No introduction or summary required here, I'd guess. Although, I have to admit, I went into the story with only the knowledge of the story I've gained from pop culture and, of course, the musical Wicked. I have never seen the movie. Not even once. We weren't allowed to as kids, I can't remember why, either because of witches or because it was too scary. And not having seen it as a child, I've just never gotten around to watching it. So my review won't have any comparisons to the movie adaptation, which I'd guess is what most people are familiar with.
There's a reason this is a children's literature classic. I thought the writing really transcended the time during which it was written (first published in 1900), which is always impressive to me. It doesn't read like an "old" book. It does, however, read like an amazing book. I fell in love immediately, especially with the Scarecrow. The characters are just incredible and I think their ability to exist in 1900 just as well as 2013 is remarkable characterization on Baum's part.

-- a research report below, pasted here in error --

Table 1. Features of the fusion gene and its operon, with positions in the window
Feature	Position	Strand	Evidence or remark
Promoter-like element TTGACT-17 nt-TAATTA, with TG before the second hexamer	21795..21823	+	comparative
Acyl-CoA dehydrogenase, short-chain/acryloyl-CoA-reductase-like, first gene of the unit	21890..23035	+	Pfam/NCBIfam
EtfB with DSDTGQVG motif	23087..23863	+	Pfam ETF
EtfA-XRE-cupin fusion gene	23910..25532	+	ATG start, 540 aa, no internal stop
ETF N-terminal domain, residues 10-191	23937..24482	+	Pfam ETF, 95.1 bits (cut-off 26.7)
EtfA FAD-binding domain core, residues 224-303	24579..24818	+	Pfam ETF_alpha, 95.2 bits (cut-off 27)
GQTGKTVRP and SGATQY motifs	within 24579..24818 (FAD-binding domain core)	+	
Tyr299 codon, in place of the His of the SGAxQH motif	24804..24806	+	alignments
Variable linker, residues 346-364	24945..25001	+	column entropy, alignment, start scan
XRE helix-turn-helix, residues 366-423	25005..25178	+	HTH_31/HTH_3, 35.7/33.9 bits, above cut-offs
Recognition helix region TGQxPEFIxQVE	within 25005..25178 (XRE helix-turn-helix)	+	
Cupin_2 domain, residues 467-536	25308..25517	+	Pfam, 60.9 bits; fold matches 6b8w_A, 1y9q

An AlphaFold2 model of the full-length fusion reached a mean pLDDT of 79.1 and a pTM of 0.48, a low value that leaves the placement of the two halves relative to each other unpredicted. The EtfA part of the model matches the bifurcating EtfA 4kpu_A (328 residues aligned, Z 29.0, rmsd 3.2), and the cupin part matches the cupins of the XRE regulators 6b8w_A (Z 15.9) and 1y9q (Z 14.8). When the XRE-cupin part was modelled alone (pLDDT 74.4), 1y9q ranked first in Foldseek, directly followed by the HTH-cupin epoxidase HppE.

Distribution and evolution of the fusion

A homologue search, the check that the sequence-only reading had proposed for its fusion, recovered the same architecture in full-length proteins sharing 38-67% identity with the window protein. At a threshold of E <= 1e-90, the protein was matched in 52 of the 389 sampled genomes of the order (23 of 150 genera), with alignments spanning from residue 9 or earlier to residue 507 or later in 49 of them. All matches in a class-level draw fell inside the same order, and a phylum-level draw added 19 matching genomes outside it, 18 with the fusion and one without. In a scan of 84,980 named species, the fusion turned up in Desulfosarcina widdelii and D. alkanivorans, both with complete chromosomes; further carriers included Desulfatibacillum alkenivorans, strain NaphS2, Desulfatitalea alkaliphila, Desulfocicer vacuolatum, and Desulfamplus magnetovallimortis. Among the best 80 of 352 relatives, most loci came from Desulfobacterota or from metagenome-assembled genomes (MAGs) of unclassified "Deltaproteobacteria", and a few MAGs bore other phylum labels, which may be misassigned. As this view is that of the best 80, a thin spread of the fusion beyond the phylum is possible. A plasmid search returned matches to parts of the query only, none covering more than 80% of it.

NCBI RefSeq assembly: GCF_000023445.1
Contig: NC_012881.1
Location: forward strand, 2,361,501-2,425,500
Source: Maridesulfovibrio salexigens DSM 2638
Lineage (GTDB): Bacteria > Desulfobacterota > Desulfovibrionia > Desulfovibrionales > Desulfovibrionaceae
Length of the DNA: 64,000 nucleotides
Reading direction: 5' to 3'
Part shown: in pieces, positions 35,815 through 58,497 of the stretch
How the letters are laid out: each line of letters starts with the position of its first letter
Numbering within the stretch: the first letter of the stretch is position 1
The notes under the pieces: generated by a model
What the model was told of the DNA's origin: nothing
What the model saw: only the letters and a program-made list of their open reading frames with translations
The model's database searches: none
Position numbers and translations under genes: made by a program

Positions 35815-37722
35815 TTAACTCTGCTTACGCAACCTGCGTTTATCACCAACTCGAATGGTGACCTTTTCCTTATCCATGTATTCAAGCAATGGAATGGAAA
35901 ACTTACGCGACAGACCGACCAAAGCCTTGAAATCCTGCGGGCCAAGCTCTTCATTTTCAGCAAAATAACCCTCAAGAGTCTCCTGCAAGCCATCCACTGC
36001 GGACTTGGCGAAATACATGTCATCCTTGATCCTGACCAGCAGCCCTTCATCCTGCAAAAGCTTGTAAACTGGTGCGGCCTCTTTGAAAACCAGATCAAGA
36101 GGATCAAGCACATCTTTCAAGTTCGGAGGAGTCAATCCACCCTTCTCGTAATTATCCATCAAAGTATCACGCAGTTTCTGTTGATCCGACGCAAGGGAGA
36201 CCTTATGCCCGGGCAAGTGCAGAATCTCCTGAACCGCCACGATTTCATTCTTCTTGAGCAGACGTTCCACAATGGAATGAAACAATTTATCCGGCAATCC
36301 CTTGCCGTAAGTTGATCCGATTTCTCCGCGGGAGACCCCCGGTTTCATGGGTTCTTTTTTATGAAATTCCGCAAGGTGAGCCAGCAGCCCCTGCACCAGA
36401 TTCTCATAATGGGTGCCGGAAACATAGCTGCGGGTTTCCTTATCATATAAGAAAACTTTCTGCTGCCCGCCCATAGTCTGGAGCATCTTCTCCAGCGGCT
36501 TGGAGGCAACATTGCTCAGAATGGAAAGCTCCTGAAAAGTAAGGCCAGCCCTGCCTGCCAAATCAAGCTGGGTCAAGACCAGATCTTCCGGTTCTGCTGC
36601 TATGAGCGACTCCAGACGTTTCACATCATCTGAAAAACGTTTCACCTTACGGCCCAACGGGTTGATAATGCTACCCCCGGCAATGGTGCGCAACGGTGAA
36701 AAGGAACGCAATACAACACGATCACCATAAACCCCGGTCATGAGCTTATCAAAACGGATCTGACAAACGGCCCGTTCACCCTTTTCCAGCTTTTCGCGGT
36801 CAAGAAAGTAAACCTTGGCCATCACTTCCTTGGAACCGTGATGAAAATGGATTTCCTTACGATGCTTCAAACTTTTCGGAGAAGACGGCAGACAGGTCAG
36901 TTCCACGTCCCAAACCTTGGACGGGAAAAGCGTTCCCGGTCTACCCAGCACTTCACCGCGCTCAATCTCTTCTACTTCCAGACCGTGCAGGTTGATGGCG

Again, the ability to transcend eras as far as writing style is concerned makes a big difference here. It doesn't read like an "old" book, which I think will increase its appeal to children. It's certainly one I plan on reading aloud if I have kids one day (and of course I always have George). Also, I think it makes an entertaining read for an adult audience. I'm glad I read it, not just for the cultural awareness I was lacking, but because it was a fun book.
And I would be absolutely remiss if I didn't mention the amazing illustrations in this particular edition. It is chock full of these and they are all gorgeous. This one has the Cowardly Lion meeting the Scarecrow.
A huge thanks to Harper Collins for providing this beautiful copy for me to review.